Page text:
The main area in which HE has been slow to adapt to the network age is in the recognition that teaching and learning cannot be separated from the networks of connections staff and students alike have to technology – specifically the web, the devices used to access it and the information and people found on it. Teaching and learning today is a socio-technical activity - best defined as one which “focuses on the interdependencies between and among people, technology and the environment” (Cummings, 1978, p.625).
However, socio-technical theory also tells us that the adoption rate for new technologies into practices and procedures happens at different rates for different societal levels (Geels, 2002). Change at the macro level (Landscape) tends to be a slow process, at the meso level (Regime) only slightly more dynamic, but at the micro level (Niche) it can be radical and rapid. This means that as individuals at the niche level rapidly adopt radical new technologies into their work and life routines a tension can be created between their personal, technologically-enabled behaviours and the technological inertia of institutions and wider society.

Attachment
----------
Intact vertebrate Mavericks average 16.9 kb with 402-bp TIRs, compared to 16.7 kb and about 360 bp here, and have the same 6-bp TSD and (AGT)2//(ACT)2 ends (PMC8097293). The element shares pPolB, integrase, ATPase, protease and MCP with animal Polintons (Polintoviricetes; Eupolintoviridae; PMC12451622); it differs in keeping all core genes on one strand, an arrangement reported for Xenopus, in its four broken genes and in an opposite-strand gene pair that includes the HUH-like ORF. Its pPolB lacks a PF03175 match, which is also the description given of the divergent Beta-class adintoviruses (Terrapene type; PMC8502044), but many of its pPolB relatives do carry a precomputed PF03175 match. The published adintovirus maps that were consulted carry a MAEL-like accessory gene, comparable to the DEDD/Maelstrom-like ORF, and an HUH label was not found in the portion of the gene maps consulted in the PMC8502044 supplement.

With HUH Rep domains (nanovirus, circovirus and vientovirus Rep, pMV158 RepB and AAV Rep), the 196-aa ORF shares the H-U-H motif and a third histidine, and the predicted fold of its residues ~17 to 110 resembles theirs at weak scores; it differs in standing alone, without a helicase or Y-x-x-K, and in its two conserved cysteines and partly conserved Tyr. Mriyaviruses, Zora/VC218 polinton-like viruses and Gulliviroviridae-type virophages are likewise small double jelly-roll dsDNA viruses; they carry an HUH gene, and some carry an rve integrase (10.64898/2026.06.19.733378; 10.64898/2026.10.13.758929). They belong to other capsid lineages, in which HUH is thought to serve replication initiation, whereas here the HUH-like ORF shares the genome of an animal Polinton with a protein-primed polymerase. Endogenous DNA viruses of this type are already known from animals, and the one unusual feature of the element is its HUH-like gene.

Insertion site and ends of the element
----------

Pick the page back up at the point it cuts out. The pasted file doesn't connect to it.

It is therefore vital for HEIs to recognise that an individual entering university today has become almost inseparable from the technologies they have integrated into their daily lives. For example, it is perfectly feasible, as Burnett & Merchant (2013) suggest, that even before being born an individual may have a Web presence and an emerging digital identity (e.g. as a result of expectant parents posting baby-scan pictures on a social media page created for their child). This may rapidly be followed by frequent post-birth picture updates and regular exposure of the child to digital cameras, digital medical technology, digital screens (on televisions, smartphones, tablets etc) and digital toys. Consequently, a report by Ofcom (2016, p.4) found that by the age of thirteen, 74% of UK children have a social media profile, on which they are “messaging, sharing and liking throughout the day” (ibid.). Furthermore, UK children between 3 and 4 years old spend over eight hours online per week, an almost 19% increase on 2015, while those between 5 and 15 years old spend fifteen hours online per week (ibid.).